My life over the last week has been nothing short of a huge emotional roller coaster. It’s been highs followed by lows, then quickly followed by highs…
One week ago today, as I was preparing for 3 days of fun and celebrations for our last weekend in Greenville, I woke up and looked in the mirror to see this:
According to my doctor, I had an “infected follicle” in my eye (basically a giant zit) and was completely miserable. I still attended the planned happy hour with my coworkers and dinner with good friends, but I felt pretty crappy and just really wanted to be home in bed.
Saturday morning, despite waking up with my eye still swollen and painful, I had a fantastic last long run with my very favorite running partner, Char. The miles flew by effortlessly as we chatted and reminisced and were reminded why we are such close friends.
I rushed home to shower and get ready to go decorate for another dear friend’s baby shower, when I noticed that Walter had managed to break open his stitches from a minor procedure he had earlier in the week. We rushed to the vet, got him stitched back up (and acquired a “cone of shame”) and barely made it on time to decorate.
The shower was flawless. The parents-to-be were glowing, the food was great, the decorations were beautiful and we had a fantastic time celebrating with many of our best friends, followed by more drinks on our deck after the party.
Despite all of the fun, Brad and I were in bed at the reasonable hour of 11 p.m. and were sleeping soundly, until we woke up (for some unknown reason) at 2:30 in the morning to discover that Walter had gotten his cone off and managed to break his stitches open again. The wound couldn’t wait until the morning, so I took him to the emergency vet. He got staples, more pain meds and a new, soft cone. We were finally back home in bed by 4:00 am.
Sunday we planned a “Sunday Funday” with all of our friends to eat leftover shower food (and cake!) and watch The Masters. It was a fun afternoon, but ended on a very somber note. Once everyone left, I sat on the couch crying with Alicia (above) about the impending move. I knew it was coming and that day, reality finally settled in. We are leaving all of our amazing friends and our life here behind. I know exciting things lie ahead, but the transition will be difficult and I will really miss my friends.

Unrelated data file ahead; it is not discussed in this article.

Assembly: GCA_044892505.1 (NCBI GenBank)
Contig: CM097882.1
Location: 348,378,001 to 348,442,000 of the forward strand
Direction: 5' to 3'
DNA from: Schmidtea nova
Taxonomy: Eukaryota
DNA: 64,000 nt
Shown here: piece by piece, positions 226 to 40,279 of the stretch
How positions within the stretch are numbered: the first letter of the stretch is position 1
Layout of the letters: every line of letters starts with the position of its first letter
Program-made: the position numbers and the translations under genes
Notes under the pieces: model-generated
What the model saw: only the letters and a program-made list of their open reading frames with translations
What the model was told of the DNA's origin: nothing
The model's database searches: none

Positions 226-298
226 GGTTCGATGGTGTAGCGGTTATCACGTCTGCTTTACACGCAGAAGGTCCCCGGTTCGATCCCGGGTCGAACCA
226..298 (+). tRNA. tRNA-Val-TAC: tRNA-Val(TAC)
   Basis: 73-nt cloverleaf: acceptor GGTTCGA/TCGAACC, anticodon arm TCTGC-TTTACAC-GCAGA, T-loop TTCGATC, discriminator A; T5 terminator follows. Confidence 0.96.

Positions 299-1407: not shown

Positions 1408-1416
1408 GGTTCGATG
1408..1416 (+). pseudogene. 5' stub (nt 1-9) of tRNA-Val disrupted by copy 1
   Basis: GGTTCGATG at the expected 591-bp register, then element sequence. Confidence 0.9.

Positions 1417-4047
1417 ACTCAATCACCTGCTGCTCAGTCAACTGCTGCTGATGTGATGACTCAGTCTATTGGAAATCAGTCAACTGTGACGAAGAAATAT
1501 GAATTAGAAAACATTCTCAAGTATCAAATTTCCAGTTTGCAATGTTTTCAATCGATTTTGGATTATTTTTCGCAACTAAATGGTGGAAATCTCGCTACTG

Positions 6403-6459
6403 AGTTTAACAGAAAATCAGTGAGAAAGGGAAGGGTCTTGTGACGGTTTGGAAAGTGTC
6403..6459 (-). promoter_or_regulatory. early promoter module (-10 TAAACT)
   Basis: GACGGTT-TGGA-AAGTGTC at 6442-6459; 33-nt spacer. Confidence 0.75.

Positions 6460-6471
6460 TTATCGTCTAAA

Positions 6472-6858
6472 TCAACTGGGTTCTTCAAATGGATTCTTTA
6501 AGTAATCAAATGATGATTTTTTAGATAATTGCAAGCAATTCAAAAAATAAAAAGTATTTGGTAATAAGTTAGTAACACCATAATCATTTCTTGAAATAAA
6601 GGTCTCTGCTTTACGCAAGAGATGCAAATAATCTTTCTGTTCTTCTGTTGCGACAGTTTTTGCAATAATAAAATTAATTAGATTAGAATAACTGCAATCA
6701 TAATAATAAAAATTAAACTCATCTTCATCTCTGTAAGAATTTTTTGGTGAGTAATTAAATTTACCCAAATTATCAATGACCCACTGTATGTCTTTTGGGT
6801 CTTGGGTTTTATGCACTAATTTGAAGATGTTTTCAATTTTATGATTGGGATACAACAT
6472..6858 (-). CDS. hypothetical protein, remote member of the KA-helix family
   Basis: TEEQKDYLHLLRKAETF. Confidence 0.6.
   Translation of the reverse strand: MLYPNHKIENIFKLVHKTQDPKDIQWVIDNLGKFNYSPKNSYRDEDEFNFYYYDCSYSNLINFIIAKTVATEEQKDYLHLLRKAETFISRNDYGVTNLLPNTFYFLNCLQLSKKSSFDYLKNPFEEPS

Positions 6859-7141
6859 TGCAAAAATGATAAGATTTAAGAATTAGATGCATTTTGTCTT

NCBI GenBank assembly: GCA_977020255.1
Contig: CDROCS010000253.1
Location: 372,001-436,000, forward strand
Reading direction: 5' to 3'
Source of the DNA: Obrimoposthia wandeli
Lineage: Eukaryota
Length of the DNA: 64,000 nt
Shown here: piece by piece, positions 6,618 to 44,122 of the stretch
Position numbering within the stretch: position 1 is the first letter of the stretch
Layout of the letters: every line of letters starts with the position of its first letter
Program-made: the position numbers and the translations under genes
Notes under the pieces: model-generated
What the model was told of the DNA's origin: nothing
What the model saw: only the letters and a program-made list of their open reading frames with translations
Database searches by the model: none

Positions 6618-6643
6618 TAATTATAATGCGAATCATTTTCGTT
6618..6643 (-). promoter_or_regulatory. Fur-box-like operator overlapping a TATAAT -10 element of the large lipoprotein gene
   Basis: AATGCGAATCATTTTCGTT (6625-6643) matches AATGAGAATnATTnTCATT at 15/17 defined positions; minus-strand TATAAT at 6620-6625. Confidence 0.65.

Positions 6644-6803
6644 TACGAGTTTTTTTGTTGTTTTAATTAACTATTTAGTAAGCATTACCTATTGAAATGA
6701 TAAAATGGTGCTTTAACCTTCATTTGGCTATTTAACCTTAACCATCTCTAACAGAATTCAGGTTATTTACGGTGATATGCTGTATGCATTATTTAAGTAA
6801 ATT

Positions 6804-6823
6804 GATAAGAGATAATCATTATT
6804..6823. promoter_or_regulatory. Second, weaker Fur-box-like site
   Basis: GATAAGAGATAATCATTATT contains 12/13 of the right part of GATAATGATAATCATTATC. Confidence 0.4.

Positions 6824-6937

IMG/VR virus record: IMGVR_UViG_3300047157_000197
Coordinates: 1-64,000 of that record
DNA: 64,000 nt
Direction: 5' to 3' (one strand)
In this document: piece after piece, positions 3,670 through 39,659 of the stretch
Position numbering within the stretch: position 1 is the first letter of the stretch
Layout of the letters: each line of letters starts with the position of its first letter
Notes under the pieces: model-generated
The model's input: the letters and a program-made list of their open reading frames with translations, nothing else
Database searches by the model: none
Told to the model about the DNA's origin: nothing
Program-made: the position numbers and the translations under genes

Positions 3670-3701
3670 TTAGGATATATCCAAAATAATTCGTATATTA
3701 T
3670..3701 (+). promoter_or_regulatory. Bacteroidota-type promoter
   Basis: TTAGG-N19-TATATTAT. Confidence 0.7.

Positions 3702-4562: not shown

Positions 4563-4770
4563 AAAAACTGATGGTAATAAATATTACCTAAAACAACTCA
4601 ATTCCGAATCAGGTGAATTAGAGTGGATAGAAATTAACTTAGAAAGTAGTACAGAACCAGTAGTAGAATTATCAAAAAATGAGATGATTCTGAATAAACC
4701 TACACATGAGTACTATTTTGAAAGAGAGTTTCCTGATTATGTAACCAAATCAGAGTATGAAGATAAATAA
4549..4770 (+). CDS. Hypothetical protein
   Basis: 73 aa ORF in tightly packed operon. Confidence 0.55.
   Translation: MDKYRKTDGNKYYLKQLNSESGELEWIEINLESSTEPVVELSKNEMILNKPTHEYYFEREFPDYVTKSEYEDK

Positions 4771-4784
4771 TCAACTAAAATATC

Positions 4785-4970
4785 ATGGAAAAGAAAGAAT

Despite the low that was Sunday night, I woke up Monday morning buzzing for Marathon Monday. I watched the live feed at my desk while I multi-tasked teleconferences. I tracked my friends, tweeted about the race, texted with Holly about our Eugene strategy and dreamed of the day I would be in Boston to run from Hopkinton to Boylston Street. I have never been more inspired, excited or anxious to race. I could barely sit still all day thinking about my race in 2 short weeks, hoping that it would be my road to Boston.
Then the news came. And it was the lowest of the lows. It was heartbreaking, and as I know for so many of us in the running community, it hit very close to home. I just couldn’t understand. Still don’t. Why? Why anyone would or could do this to innocent people, celebrating their loved one’s personal accomplishments and the strength, resilience and toughness that the marathon embodies. For the remainder of the week, I walked around with my head spinning. I packed. I ran. I worked. I said final goodbyes to friends. But I felt detached. I felt empty, like there was a hole in my soul after seeing and hearing what was intentionally done to this community. My heart still hurts for what happened and I still am struggling with the evil and cruelty of two human being toward others. It just isn’t something I can digest. I am only comforted by the beautiful words I have read by others and by the love, support and feeling of togetherness in the running community that has resulted in this tragedy. And I know that now, more than ever, I want to be in Boston in 2014.
And now my house is packed and my whole life sits on wheels making its way from my old home to my new one.
My heart breaks for what we are leaving behind but soars for what we are heading toward. I suppose, as with all things in life, one door must close for another to open. I know one thing for certain: we will take away memories and friendships from this beautiful city that will last a lifetime.
And now as I head toward my new life, I am eagerly and not-so-patiently awaiting what I hope will be the next high on this emotional roller coaster…the Eugene Marathon. 9 days.